In August 2012, eighteen-year-old Kyle Nolan visited Peru for an ayahuasca retreat. Instead of enlightenment, he got buried in the jungle by the shaman, highlighting the dark side of ayahuasca tourism.
Kyle Nolan was a San Francisco teenager who became intrigued by the potent psychedelic brew after seeing videos about ayahuasca online, and like countless spiritual seekers, decided to hop a flight to Peru to experience the substance for himself. Unfortunately, during the course of the ayahuasca retreat, Kyle Nolan died, and was buried in the jungle by the shaman. Instead of a sweet New Age experience, Kyle Nolan got a horror movie.
Our 18 year old son, Kyle Nolan, went to Peru 8/16/12 for a 10 day shamanic workshop at the Shimbre Center near Puerto Maldonado. When he was not on his return flight from Peru to San Francisco on 8/26 the Shimbre Center told us Kyle wandered away from the center and was despondent. My daughter, Marion, and her mother, Ingeborg Oswald, flew to Peru to find our son, spent one week walking nearby towns and checking roads. No sign of our son. It was after Ingeborg and my daughter returned home we learned from Peruvian police that the shaman had lied to their faces. The shaman buried Kyle’s body in the jungle to cover-up his death during a ritual.
According to this Time report, Kyle Nolan died as a consequence of the shaman overdosing him.
Now, what I’m about to say is liable to piss off every hippie on Earth, but here goes: Kids, you cannot attain some super-transcendental cure-all patch for your life with dodgy jungle drugs. Now, granted, I have never done ayahuasca (I already lost all my sanity points, thank you kindly), but I HAVE had to deal with the converts of the Cult of Ayahuasca left, right and center. Some of them I have found to be very sincere and thoughtful people who believe that ayahuasca has the potential to help some of the blighted areas of Western reality. I have found others of them to be incredibly dogmatic “One Truthers” who seem to think the fact that they did a package vacation to the jungle to drink bark juice puts them in some kind of spiritual elite. These ones are sure that they know “the truth” and that anybody who hasn’t gone on the same culturally and pharmacologically questionable joyride doesn’t and that, therefore, their opinions on spirituality, life, and what side to butter toast on are completely invalid. Wait, isn’t that kind of the deal with every other One Truther religion?
Ayahuasca, for those who may not know what it is, is a mixture of South American bark and leaves that tastes horrible and makes you shit, barf and trip for hours on end while people around you probably play digeridoos and whatnot. It is meant to be an ultimate soul medicine which repairs all the horrible stuff done to you by modern society and shows you the jaguar god, which hopefully will not munch your head.
I first encountered the ayahuascies back in Europe in ’04, where an organized group was working to bring the stuff to the West. Their preferred method of dosing people was locking them in a room, dressing them in Catholic school uniforms, and making them sing Jesus songs while their brains melted and they shit themselves into adult diapers. (Not making this up.) At that time I only knew of a few people among the occult cognoscenti who were willing to take the ride. By the time I’d gotten back to New York, it was starting to bubble up there, too; by the next year I saw head shops in Vancouver selling the ingredients to make it yourself over the counter, Ancient and Deep Peruvian Shaman Who Knows All the Access Codes to Get You Through the Trip not included, unfortunately. I presume that in the place of such sage guidance, people played, I dunno, Rush “2112” or something. These days, in LA, it seems like everybody and their momma is Experienced, except for me, that perennial stick-in-the-mud. Well, I like my head, and I don’t want the f**king Jaguar to eat it.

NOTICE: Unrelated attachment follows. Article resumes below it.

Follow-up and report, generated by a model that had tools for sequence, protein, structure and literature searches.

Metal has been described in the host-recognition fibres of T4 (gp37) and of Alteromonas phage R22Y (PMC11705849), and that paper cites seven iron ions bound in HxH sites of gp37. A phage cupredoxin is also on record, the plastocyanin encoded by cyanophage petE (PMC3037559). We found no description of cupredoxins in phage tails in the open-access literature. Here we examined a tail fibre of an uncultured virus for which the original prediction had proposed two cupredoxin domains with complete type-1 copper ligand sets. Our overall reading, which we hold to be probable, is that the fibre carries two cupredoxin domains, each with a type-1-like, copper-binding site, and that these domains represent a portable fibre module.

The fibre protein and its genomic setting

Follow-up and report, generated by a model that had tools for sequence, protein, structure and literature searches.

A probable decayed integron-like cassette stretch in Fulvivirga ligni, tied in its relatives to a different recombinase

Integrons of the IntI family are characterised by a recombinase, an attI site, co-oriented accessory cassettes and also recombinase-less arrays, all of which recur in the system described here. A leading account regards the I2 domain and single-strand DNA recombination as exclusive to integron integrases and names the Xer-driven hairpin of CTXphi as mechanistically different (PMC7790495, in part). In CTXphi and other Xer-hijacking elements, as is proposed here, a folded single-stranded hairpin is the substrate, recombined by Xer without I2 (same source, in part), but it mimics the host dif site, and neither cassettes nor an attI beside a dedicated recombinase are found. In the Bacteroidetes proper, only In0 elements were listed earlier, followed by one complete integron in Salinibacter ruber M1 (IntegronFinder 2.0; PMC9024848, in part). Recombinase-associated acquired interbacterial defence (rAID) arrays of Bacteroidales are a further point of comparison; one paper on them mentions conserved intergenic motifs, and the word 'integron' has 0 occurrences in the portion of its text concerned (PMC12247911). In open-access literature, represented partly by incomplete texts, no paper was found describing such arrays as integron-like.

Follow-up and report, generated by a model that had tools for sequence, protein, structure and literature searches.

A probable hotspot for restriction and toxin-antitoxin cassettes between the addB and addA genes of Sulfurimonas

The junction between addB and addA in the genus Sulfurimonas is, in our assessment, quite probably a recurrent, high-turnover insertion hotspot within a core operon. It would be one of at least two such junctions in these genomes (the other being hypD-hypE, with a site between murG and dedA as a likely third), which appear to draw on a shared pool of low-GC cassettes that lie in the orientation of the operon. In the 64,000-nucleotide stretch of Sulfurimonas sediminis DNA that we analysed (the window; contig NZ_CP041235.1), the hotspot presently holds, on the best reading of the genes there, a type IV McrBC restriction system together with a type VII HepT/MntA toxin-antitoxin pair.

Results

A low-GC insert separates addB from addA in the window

Now, look. If you’ve had a transformative and sacred experience on the stuff, that’s wonderful, and I’m not knocking that; of course, if you had an experience that intense, me bitching isn’t going to matter much to you anyway. But I am concerned about the “drink this and get enlightened” approach that didn’t work in the sixties and I don’t see working now, with the same non-concern for the wreckage that approach can and does leave in its wake. William Burroughs did ayahuasca back in the 50s, for god’s sake, and thought it was cool but certainly not “the answer,” nor did it cure him of his heroin dependence. (It was only at the end of his life that Burroughs came to any conclusions about reality—”Love? What is it? Most natural painkiller what there is,” were the last words in his Last Words.)
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There are as many approaches to spirituality as there are people, and the more intense, firey types will naturally be drawn to the more intense experiences, like, I dunno, doing ayahuasca in Peru and then going to India to get off with half of the Osho ashram. But the inevitable consequence of peak experiences is the valley experiences that follow them, the lows that follow the highs as the nervous system adjusts. This is why many gravitate to more stable paths, like the calm and sober base that a daily meditation or magical practice can bring. They do their daily workouts in the gym instead of trying to win the Olympics every weekend. A more mature approach? Maybe. Or maybe the gung-ho approach really is the best path for some.
But look, for the love of all that is decent, check your shaman’s credentials before the jaguar eats your head. I’ll be over here with my instant coffee.
(Click here to see Associated Press footage of the shaman’s arrest and the discovery of Kyle Nolan’s body.)